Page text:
Though the spy balloon controversy did not cause these laws, Wu says it had an “accumulating, stigmatizing effect” that set the stage for them to happen.

“Although the ‘spy balloon’ was not spying, the incident has been intentionally and unintentionally used as a national security risk to justify the new alien land laws,” Wu wrote to AsAmNews. “While not discounting that there are real national security risks, the ‘spy balloon’ plays into xenophobia and racism.”

But Wu also situates the spy balloon as a “footnote” in historic and ongoing anti-Asian racism. One example is the Wen Ho Lee case in 1999, where a Taiwanese American scientist Wen Ho Lee was falsely charged for espionage, sparking a similar media firestorm around Chinese spying. 

But the history of this racism is unknown to many. Today, Wu observes, there is less knowledge of the case among young Asian Americans. Similarly, few Americans are aware that the “spy balloon” did not conduct espionage. More education, he says, is necessary to combat this lack of awareness. 

“The Asian American communities are courageous and resilient in their fight and advocacy from generation to generation,” writes Wu. “Education through books, stories, schools, museums, monuments, and other means is essential to carry this struggle on and maintain hope for meaningful change.”

And other community organizations, meanwhile, are educating their communities to push back against ongoing anti-Asian rhetoric. For instance, Chinese for Affirmative Action and Stop AAPI Hate launched the Stop the Blame Campaign, which aims to hold elected officials accountable for racist rhetoric.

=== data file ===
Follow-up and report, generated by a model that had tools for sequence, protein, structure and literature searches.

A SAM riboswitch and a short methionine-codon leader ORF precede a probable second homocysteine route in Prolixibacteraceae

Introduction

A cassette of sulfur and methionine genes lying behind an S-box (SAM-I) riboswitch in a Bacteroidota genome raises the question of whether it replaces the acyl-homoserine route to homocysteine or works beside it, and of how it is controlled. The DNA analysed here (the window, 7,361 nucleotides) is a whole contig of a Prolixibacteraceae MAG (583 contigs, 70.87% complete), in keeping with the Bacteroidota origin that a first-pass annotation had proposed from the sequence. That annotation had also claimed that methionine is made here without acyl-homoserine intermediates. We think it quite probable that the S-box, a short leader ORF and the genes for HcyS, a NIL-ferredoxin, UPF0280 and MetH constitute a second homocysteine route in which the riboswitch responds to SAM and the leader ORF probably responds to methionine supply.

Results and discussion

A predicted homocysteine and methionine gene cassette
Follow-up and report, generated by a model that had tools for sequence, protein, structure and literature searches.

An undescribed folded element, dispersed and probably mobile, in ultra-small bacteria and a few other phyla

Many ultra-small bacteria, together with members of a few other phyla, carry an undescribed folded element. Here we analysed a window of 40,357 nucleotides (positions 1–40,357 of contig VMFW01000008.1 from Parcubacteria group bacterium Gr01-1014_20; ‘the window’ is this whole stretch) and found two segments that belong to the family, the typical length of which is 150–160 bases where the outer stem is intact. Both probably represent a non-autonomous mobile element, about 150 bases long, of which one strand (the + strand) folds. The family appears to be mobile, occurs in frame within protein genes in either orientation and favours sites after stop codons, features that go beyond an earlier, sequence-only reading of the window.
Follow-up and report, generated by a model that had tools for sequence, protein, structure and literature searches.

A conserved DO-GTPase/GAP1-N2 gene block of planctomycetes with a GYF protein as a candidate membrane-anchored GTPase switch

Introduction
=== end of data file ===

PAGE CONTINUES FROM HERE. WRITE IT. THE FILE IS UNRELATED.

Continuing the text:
But Choi says the campaign’s goal is also to educate and mobilize communities to respond to those political tactics. And she is optimistic that greater awareness within the community will help Asian Americans push back on the next wave of fear and discrimination that rhetoric can bring. 

“This type of anti-Chinese, anti Asian, anti-immigrant climate, this kind of fearmongering, creates a lot of legitimate fears in this country,” she says. “And that’s something that we are prepared to challenge.”

AsAmNews is published by the non-profit, Asian American Media Inc. Thank you for all who supported our year-end fundraising drive. Donations are still being accepted through this link. We are supported in part by funding provided by the State of California, administered by the California State Library in partnership with the California Department of Social Services and the California Commission on Asian and Pacific Islander American Affairs as part of the Stop the Hate program. To report a hate incident or hate crime and get support, go to CA vs Hate.


  1. OMG, early in 2023 a drifting Chinese balloon was collecting intelligence as it drifted over the U.S.
    Of course, anyone using a balloon to overfly Alaska and several other states, especially over Air Force bases, was attempting to gather intelligence. While this is disturbing, China’s airborne intelligence gathering is quite trivial, compared to the efforts of others. This drifting balloon attempted to use public internet to communicate to China. If it did, the information communicated would be accessible to our government.
    One issue was never mentioned, the Chinese now have several dozen space satellites, part of their Beidou 3 system, and they must surely be taking photos of American military bases all over the world. An out of control balloon, even though flying over America should be of limited value.
    Since the late 1950s, high flying platforms have been overflying many countries, including the then Soviet Union, China, N. Korea, Cuba and Vietnam. These surveillance platforms were U-2 aircraft, managed by the CIA and flown by our Air Force pilots who were reserve officers who had to become civilians , sometimes foreign pilots, including Taiwanese Air Force pilots.
    In 1960 Francis Gary Powers was shot down in the Soviet Union which was a big deal at the time.
    The U-2 story is quite unusual and exciting, click on the Lockheed U-2 – Wikipedia,